6 July 2020

Rwanda setting example for electronic waste recycling

by Michelle Kovacevic / in Impact story

Government and private sector worked together to create jobs in new ‘industry’

The first African country to ban plastic bags now has another notch to add to its environmental belt – a comprehensive approach to recycling and repurposing electronic waste.

“Rwanda is among the few countries that have an electronic waste policy and regulations, and is the second in Africa to have a state-of-the-art e-waste dismantling and recycling facility,” said Olivier Mbera, country general manager of EnviroServe Rwanda, which runs the recycling facility.

“Rwanda is setting a great example for other countries in Africa,” he added.

Just three years ago, Mbera was overseeing the development and implementation of Rwanda’s e-waste management project in his role with Rwanda’s Ministry of Trade and Industry (MINICOM).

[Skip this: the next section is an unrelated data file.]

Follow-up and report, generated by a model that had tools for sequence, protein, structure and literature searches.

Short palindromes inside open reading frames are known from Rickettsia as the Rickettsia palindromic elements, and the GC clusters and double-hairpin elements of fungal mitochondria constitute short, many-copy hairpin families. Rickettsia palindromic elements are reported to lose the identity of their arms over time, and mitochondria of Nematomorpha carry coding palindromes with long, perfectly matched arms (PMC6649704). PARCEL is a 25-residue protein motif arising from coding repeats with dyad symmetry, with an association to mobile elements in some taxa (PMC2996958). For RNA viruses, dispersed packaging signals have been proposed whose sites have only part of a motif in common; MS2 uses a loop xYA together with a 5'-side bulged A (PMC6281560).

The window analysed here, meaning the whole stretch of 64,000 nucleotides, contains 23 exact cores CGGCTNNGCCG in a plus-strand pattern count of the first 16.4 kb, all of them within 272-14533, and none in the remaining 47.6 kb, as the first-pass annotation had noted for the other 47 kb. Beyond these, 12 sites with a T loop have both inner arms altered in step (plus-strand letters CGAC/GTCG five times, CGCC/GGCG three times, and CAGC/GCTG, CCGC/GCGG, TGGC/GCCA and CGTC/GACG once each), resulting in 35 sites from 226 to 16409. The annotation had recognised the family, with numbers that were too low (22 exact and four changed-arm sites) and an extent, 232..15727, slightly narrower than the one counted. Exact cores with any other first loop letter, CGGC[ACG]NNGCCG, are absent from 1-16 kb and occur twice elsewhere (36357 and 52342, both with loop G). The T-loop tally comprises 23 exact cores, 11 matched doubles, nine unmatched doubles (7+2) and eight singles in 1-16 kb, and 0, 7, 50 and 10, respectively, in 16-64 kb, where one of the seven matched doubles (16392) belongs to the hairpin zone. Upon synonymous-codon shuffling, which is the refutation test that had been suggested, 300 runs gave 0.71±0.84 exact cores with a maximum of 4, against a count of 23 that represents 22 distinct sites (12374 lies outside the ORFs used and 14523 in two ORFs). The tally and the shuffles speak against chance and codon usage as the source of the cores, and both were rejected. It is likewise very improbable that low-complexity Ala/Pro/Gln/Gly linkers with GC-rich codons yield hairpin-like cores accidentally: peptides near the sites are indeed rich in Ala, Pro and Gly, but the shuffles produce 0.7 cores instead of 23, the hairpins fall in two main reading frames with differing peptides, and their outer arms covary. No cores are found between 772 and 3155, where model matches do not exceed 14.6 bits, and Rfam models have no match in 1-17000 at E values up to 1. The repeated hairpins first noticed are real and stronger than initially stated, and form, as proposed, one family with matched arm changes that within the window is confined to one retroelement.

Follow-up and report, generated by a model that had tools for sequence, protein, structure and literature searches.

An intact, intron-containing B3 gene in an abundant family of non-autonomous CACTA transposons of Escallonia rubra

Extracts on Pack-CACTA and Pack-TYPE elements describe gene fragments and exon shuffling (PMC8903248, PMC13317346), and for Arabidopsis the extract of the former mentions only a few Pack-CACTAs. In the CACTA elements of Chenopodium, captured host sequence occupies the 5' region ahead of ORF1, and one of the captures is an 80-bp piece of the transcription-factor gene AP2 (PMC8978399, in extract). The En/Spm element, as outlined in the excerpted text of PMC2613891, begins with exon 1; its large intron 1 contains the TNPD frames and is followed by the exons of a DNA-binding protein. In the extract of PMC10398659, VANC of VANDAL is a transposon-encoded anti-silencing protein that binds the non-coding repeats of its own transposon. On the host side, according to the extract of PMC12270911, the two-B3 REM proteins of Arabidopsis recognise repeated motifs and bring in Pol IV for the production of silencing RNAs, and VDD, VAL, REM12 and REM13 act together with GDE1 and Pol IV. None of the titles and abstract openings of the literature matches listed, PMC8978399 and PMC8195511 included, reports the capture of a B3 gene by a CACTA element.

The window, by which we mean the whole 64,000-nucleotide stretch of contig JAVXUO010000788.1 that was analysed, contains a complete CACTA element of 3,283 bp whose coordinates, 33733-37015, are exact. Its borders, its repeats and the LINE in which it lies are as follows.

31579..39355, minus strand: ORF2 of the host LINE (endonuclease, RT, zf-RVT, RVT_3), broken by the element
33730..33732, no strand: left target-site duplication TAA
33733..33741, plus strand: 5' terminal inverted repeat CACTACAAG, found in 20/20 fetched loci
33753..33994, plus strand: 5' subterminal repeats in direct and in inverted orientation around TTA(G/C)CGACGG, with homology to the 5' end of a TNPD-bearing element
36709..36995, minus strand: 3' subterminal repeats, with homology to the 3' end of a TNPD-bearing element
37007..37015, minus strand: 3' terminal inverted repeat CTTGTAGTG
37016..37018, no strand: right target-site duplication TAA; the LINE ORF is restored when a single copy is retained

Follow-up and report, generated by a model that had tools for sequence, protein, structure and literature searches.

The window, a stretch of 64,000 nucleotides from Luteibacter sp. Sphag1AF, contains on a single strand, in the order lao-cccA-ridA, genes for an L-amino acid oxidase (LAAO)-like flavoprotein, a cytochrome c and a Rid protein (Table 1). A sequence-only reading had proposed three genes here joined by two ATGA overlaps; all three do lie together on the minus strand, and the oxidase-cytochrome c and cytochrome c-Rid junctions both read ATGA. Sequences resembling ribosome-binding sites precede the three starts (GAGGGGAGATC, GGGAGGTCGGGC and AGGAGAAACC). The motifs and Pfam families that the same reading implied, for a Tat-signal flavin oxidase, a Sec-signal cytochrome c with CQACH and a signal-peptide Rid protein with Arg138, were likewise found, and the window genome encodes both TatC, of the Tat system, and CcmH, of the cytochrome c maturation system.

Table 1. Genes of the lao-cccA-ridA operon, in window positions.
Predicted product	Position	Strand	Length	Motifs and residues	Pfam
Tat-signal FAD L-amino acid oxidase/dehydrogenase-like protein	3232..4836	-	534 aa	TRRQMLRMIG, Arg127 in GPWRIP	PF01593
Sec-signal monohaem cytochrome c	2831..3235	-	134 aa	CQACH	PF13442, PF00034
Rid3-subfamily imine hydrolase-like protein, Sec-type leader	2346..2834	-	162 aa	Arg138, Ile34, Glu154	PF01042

“At the time, the government had been promoting ICT penetration in rural areas through different initiatives such as a one laptop per child program and an off-grid rural electrification program, and there was a move to have all services delivered online through Irembo,” Mbera said.

“However, there was no solution for what to do once these electronic and electrical products reached the end of their life. The government and other private institutions had been renting warehouses to store all the e-waste, which was expensive and unsustainable. The government wanted a solution that took a whole-of-life approach.”

Electronic waste (e-waste) is generated from discarded mobile phones, computers, stereos and light bulbs, as well as large household appliances such as televisions, refrigerators, washing machines and air conditioners.

E-waste management has become a major challenge facing many African countries because of lack of awareness, lack of environmental legislation and limited financial resources. Currently, e-waste in Africa is predominately disposed through open dumping, burning and landfilling, but with heavy metals and other hazardous substances present in electronics, these methods have potentially serious implications for human health and the environment.

So, in 2008 Rwanda began policy discussions around how to manage its e-waste. After consulting those involved in the sector, with support from the Enhanced Integrated Framework (EIF), the country approved an e-waste policy in 2016.